Humanitarian organizations, in contrast, are defined by their commitment to several core, apolitical principles: humanity, neutrality, impartiality, independence and to do no harm. The major humanitarian organizations have built organizations and reputations for upholding those values, often amid violent conflict, that scale globally. The technology industry, and in particular those seeking the licence to provide public digital services or to govern public data — has a significant amount to learn from the organizational structure of complex humanitarian operations.
Federation is an organizational structure that manages common infrastructure and operational hierarchies. Federation is second nature to technology companies when it comes to code, but they are just learning how to federate and devolve their organizational structures. Humanitarian organizations have been working through devolved, federated organizational structures for decades — the International Federation of the Red Cross, for example. There is a natural, and well-documented tension between independence and upholding common standards across networks – especially in technology systems. Yet, humanitarian organizations have built federated organizations that enable them to operate globally, while availing themselves of the two most important aspects of building trust: investment in local capacity and accountability.
In addition to negotiating a licence to operate with governments, humanitarian organizations often invest in domestic response capacity, and in recent years, localization has become a driving strategic imperative. Humanitarians increasingly realize they need to offer value beyond direct emergency aid, in order to foster more durable solutions and earn the trust of communities. Technology companies often make their products available internationally — and they often invest in countries where they maintain a physical presence, but they rarely set up a presence for the purposes of investing in local communities or in ways that extend beyond their business interests. Technology organizations looking to build trust and public approval in the ways they govern data could learn from the humanitarian sector’s investments in local capacity, resilience and independence.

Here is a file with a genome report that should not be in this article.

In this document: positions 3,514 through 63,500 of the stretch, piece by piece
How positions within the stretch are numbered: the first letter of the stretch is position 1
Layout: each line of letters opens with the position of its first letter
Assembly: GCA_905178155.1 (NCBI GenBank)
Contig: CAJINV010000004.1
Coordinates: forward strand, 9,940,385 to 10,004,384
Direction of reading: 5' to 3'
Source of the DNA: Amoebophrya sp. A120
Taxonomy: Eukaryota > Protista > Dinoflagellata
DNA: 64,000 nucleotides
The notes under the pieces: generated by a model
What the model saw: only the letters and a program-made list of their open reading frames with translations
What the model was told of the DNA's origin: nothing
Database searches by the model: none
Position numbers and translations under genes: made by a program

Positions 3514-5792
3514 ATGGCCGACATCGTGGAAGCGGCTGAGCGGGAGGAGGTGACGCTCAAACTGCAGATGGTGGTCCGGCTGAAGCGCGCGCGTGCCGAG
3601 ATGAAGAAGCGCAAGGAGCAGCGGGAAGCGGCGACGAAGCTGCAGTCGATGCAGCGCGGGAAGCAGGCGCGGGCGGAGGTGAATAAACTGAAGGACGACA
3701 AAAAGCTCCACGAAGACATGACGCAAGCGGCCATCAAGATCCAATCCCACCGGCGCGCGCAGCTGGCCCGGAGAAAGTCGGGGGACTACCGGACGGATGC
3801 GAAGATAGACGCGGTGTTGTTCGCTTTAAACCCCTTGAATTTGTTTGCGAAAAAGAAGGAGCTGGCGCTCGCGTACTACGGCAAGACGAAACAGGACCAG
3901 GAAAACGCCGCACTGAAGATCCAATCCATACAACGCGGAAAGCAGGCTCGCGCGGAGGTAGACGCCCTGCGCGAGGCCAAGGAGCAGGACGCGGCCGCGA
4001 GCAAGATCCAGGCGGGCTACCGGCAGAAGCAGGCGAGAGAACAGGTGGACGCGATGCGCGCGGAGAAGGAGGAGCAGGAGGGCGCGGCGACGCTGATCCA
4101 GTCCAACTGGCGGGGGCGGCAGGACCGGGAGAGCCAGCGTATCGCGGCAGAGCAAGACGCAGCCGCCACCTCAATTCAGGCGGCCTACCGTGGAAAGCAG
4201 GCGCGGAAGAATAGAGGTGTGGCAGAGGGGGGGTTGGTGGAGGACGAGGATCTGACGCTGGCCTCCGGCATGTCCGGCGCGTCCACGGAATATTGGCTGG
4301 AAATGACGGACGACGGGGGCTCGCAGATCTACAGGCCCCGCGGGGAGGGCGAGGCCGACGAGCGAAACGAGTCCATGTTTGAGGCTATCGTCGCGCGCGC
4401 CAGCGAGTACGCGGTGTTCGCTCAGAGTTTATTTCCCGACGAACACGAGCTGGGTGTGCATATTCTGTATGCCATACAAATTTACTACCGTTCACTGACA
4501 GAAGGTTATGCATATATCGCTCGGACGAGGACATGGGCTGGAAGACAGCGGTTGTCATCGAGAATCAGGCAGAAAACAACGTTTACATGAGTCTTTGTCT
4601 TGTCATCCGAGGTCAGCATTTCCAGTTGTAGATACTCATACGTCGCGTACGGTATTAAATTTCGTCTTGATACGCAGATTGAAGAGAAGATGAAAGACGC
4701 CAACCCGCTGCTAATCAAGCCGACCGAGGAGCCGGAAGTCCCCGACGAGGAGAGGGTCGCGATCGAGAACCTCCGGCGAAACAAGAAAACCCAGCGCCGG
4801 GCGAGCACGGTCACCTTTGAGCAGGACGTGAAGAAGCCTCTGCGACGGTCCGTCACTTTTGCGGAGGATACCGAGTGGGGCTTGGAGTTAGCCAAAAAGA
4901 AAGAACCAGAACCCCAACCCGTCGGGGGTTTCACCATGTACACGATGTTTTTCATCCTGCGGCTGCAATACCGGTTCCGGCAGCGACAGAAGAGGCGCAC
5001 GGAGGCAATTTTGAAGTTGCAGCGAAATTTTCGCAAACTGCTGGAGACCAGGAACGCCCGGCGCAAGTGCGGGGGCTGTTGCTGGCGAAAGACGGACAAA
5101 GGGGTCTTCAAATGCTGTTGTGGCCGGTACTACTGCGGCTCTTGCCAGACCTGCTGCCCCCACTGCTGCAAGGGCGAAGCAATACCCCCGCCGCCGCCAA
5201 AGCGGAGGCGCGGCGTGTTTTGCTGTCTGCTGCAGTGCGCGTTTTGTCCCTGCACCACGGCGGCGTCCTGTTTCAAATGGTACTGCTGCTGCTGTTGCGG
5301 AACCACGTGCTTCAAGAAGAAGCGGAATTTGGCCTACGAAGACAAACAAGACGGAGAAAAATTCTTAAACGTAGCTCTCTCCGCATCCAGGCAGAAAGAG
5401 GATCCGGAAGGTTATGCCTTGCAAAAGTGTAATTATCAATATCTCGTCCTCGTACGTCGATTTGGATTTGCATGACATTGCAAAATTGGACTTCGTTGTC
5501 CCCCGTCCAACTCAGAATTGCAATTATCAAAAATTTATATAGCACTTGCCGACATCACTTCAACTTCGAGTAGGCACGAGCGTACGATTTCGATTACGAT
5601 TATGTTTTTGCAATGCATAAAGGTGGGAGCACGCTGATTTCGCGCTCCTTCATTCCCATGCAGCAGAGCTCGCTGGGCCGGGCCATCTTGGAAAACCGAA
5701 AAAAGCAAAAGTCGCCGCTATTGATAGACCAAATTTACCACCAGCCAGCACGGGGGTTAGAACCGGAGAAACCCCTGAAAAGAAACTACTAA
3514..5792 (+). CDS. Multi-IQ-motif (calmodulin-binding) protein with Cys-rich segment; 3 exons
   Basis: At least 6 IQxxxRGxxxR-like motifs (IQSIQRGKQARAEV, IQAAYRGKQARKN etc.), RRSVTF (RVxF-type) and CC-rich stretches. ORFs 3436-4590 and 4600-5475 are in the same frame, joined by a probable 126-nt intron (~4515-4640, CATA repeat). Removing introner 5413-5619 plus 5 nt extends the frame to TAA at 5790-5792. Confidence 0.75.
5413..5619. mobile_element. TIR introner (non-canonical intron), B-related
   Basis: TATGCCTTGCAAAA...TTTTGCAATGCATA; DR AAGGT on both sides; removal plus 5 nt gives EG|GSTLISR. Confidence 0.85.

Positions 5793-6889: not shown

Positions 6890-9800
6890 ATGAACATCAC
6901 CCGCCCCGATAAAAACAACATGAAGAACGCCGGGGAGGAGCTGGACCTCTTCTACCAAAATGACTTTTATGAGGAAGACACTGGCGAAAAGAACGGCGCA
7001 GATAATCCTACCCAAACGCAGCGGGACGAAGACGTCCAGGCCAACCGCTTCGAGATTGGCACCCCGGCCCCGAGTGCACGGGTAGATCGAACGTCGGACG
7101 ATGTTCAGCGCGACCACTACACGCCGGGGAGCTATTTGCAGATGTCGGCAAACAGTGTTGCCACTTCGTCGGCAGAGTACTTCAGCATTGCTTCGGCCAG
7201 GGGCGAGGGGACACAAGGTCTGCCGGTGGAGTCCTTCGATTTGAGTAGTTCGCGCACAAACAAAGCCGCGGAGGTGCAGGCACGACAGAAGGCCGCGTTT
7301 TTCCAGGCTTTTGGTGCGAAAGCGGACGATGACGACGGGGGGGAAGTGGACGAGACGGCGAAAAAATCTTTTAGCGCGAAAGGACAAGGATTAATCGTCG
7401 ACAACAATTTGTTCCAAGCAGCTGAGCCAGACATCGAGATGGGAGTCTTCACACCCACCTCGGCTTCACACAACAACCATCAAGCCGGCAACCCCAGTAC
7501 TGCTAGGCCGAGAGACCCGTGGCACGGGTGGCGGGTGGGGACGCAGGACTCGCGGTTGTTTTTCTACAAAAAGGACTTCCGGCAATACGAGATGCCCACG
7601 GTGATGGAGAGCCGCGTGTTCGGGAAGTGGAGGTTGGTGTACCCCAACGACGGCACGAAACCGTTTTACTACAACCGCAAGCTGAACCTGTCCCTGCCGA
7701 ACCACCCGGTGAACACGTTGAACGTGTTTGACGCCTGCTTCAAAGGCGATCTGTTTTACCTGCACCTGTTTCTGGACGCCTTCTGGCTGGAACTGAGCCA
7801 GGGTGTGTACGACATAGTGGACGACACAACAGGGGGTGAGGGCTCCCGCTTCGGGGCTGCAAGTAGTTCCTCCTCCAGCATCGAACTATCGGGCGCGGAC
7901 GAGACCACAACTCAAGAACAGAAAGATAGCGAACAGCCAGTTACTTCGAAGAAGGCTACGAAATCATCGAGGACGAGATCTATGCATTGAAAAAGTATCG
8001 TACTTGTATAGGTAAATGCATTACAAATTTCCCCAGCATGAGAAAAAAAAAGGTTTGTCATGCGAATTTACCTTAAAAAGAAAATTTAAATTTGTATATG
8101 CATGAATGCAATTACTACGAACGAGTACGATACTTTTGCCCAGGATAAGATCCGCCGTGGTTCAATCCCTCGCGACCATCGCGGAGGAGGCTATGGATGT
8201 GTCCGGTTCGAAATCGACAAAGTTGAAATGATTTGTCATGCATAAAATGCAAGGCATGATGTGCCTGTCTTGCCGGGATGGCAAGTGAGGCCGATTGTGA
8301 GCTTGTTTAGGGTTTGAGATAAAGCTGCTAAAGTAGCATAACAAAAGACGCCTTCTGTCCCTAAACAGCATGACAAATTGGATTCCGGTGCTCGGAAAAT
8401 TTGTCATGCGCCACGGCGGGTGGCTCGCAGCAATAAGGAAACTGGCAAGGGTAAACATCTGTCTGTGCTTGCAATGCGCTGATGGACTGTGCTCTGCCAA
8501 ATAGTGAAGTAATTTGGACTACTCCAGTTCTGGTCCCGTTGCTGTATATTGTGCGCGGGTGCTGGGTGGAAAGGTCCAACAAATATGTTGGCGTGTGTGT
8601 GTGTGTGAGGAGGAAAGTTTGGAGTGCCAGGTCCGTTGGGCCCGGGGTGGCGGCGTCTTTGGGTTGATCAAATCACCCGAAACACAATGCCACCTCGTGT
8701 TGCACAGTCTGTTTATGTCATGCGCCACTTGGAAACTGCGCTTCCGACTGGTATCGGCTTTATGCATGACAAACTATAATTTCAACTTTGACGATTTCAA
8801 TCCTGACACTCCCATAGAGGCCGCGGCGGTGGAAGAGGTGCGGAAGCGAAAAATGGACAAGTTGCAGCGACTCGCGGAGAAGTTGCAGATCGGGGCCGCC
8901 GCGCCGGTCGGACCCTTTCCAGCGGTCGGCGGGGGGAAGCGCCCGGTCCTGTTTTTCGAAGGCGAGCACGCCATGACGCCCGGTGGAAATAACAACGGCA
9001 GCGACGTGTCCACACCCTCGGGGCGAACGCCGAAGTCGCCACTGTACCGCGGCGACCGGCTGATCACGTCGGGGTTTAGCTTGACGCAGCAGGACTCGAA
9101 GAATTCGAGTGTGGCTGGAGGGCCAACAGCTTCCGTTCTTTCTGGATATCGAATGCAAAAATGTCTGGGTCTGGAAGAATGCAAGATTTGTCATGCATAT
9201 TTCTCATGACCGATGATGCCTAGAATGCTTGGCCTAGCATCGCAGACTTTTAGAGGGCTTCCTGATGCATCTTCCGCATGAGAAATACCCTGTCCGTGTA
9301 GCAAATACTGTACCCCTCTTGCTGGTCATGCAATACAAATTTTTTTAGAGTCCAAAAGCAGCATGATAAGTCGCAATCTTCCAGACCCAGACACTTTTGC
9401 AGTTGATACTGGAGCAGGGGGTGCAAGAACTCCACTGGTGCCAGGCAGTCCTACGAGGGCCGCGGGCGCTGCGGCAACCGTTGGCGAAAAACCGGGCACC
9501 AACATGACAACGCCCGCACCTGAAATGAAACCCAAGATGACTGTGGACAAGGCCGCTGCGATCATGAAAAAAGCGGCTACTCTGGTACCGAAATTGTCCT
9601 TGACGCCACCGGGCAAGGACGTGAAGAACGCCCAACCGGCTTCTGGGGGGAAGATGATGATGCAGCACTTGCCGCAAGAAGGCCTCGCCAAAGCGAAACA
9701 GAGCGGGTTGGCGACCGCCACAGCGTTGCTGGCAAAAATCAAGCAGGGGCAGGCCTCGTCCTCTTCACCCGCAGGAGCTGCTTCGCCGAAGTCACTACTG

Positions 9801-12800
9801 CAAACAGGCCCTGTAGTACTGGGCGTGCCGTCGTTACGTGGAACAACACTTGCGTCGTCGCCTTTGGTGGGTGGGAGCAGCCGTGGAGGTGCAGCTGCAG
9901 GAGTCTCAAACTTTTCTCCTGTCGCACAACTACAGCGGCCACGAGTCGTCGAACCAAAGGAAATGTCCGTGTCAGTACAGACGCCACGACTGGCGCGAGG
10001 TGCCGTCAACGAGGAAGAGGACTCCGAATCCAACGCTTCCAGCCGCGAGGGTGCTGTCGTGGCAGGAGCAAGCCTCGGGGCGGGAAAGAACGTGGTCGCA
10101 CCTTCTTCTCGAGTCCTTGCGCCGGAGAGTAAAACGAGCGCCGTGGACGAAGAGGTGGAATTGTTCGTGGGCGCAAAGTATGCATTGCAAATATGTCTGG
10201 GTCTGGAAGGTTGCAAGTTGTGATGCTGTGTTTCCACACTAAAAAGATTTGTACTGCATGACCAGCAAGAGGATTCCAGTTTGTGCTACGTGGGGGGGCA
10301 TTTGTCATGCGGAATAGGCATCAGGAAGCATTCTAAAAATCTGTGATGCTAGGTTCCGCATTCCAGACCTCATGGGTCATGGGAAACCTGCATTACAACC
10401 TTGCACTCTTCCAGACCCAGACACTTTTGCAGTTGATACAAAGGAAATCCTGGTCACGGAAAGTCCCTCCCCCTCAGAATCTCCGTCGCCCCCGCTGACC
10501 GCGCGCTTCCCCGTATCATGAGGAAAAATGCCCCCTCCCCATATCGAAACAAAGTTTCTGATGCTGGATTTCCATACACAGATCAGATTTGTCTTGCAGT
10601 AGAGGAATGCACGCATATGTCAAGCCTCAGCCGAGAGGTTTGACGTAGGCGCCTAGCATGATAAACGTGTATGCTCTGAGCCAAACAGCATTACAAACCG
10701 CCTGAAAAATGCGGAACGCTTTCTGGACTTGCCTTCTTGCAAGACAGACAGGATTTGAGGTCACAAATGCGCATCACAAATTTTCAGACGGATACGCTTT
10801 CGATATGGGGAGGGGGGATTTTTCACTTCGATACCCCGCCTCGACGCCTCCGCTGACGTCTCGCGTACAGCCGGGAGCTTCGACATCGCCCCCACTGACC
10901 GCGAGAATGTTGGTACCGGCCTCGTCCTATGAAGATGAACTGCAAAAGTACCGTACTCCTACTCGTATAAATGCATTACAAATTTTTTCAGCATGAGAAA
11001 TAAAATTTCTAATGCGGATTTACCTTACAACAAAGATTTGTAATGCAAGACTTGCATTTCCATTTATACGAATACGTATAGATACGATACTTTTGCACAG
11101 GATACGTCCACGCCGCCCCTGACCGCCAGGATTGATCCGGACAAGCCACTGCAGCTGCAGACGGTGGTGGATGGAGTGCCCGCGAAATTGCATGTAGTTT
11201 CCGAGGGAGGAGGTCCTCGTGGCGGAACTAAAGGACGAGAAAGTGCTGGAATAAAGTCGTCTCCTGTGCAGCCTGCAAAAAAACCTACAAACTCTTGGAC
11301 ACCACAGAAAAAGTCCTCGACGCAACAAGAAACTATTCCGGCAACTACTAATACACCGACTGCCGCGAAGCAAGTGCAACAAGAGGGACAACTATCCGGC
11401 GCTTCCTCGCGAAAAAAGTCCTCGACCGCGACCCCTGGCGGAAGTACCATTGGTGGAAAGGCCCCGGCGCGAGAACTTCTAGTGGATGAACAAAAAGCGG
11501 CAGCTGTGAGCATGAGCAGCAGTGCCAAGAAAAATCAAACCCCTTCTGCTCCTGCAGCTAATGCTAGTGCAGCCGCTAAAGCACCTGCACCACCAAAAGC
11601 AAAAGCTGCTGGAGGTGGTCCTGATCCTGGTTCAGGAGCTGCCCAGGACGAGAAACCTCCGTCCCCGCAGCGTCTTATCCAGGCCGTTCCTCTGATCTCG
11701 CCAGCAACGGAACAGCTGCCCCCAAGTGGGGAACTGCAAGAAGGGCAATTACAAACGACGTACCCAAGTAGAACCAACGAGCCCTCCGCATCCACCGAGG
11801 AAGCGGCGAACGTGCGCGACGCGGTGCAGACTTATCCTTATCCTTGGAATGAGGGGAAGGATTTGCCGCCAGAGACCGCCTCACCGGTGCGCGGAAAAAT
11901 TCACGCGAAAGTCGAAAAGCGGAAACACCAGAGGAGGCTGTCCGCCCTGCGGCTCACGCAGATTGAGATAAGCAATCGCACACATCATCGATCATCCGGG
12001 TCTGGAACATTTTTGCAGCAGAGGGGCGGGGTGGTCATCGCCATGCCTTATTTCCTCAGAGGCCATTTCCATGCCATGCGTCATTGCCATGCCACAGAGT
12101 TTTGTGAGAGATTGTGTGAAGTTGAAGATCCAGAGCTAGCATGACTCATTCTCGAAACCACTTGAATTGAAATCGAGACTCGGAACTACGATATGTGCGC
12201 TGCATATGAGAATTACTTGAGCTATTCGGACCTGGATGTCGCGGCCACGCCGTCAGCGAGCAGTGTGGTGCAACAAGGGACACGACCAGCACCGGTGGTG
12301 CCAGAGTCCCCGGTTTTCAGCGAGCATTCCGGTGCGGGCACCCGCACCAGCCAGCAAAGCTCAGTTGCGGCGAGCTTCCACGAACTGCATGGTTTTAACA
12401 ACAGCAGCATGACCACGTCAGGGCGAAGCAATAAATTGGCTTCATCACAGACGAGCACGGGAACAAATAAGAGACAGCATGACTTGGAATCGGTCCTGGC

While the humanitarian sector faces a lot of controversy over accountability, their typical operating practice is to engage in direct negotiations with local parties, which is different than technology companies, who generally start with one set of terms they apply globally. The default terms of the technology industry’s cardinal data governance contracts — terms of service agreements and privacy policies — enable them to unilaterally change the terms of the agreement. It’s impossible to rely on the terms of a contract that can change at the whim of one party – or when the underlying goes bankrupt or gets acquired. The actors within the technology industry seeking public trust in the way they manage data can learn from the humanitarian sector about the need for credible parity between negotiating parties and distributed accountability.
The good news is that the humanitarian sector and the technology industry are well on their way to forming deep alliances; the heads of several major humanitarian organizations have placed private sector coordination and co-creation at the centre of their strategies. The World Economic Forum is laying the foundation for private companies to participate in international governance bodies. And, private foundations and investors increasingly play a role in shaping response efforts.
Unfortunately, these relationships may be a double-edged sword. Technology companies can take advantage of humanitarian organizations’ unique licence to operate to work in regulated spaces, test new products without repercussions and even justify the creation of invasive surveillance. This new generation of relationships between the humanitarian organizations and technology companies offer opportunities for each group to learn from the other’s structural solutions on problems relating to shared issues of trust, neutrality and global scale. Let’s hope that the technology industry chooses to learn from the organizations that have spent the last century building, testing and scaling organizational structures to deliver the best of humanity.